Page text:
More importantly, we – together with many UNIFY partners – had the ambition to give a more qualitative analysis of our concept in a scenario involving practical network management challenges of the emerging network virtualization era. Consequently, we demonstrated selected SP-DevOps processes integrated with the UNIFY global orchestration platform and the Universal Node, as sketched in the figure below (bold text indicates components part of the public SP-DevOps toolkit). A few key SP-DevOps tools and functions enabled the technical integration with the orchestration and infrastructure layer realization of UNIFY: Our supporting functions for programmability and data distribution (i.e., MEASURE and DoubleDecker) facilitated efficient integration of infrastructure and VNF monitoring functions with entities in all UNIFY layers; the modular design of VeriGraph allowed straight-forward integration of verification features into the global orchestrator; and EPOXIDE proved to be a powerful troubleshooting framework to instrument many types of SP-DevOps monitoring and verification tools as well as third-party debugging tools.

As actual use-case, we chose an elastic router service, which allowed us to explore and verify the set of functional blocks needed to support the main stages during the lifetime of such an NFV-based service. This includes service-specific auto scaling powered by SP-DevOps monitoring and a realization of our troubleshooting process, which directly adopts DevOps principles where a fast cycle of debugging and updating a deployed service is a key asset. Watch this demo video to see the SP-DevOps processes in action, supporting dynamic NFV service deployment and operation.

Based on these prototyping and integration experiences, we gained several practical insights and learnings regarding the deployment and operations of NFV services. For now, allow us to point out two particular key insights:

  • Related to the formal description of services (e.g., a service graph), we identified several modifications required to better support automated decomposition during deployment and scaling during operational phases. Specifically, in order to realize an automated, fully-closed control loop, orchestration components need to be able to configure mechanisms beyond resource control. Consequently, we had to extend the basic service description with information regarding the configuration of VNFs that are part of the service, as well as service-specific monitoring requirements (which we realized as MEASURE annotations).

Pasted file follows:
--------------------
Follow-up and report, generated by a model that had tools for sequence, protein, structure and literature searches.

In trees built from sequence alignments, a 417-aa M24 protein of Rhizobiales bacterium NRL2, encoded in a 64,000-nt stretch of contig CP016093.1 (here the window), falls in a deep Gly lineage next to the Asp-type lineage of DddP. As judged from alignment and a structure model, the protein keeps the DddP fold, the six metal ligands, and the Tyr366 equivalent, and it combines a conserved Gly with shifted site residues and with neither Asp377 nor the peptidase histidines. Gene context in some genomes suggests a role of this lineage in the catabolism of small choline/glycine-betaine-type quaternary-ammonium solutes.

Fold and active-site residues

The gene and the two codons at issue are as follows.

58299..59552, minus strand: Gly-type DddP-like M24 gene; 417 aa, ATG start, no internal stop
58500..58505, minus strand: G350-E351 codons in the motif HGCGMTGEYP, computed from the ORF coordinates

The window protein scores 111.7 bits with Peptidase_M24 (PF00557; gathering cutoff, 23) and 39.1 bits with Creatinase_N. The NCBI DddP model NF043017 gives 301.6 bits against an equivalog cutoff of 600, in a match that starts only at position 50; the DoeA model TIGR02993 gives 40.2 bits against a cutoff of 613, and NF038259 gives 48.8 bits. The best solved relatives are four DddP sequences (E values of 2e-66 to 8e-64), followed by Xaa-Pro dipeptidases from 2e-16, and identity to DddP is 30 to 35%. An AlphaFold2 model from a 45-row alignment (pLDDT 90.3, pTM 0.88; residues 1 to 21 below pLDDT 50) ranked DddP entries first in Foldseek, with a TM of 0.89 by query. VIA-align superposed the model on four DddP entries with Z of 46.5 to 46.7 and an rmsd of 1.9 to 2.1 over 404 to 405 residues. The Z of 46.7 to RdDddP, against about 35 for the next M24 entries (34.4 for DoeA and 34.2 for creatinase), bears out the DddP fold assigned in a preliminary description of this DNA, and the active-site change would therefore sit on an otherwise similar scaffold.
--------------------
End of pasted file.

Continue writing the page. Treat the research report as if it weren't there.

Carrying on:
• With respect to the SP-DevOps observability process, we realized that monitoring orchestration and management (implemented as a separate plugin – the MMP) would benefit from tighter integration with service and infrastructure orchestration to facilitate improved life-cycle management. This stems from the observation that service and monitoring components need to synchronize their status and state repeatedly for seamless operation during deployment and scaling phases.

Looking back, we’ve done a tremendous journey with SP-DevOps in UNIFY (detailed extensively in this official project deliverable):

  • We started by deriving how IT DevOps principles could be adapted to Service Provider scenarios;
  • We then identified unresolved key challenges related to that adaption, and tackled them with a powerful set of individual tools and functions (i.e., the SP-DevOps Toolkit);
  • We put all of these novel solutions together by defining detailed processes related to verification, observability and troubleshooting; and finally,
  • We actually implemented these processes to support a dynamic NFV use-case during deployment and operations phases, which allowed us to share the insights gained by this experience.

Of course, the story does not end with the termination of the UNIFY project. Each UNIFY partner continues to pursue a subset within the vast scope of research challenges related to DevOps for Software-Defined Telecom Infrastructures, and we at Ericsson work hard on translating these research results into added-value for our product offering and customer engagements. Furthermore, we incorporate the learnings of the UNIFY experiences into our ongoing efforts on defining a 3rd generation cloud system platform.

We will be at the IFIP/IEEE IM conference in Lisbon in May, presenting a paper on our learnings in the experience session, and showing our demo during the first demo session. We would be happy to discuss with you in person, if you plan to be there! Also, if you are interested in designing and prototyping the next-generation clouds, have a look at our job openings.

For further details about the concept, demo and our learnings, there’s more to read:

Wolfgang John and Catalin Meirosu
together with the UNIFY SP-DevOps team at Ericsson Research and spread all over Europe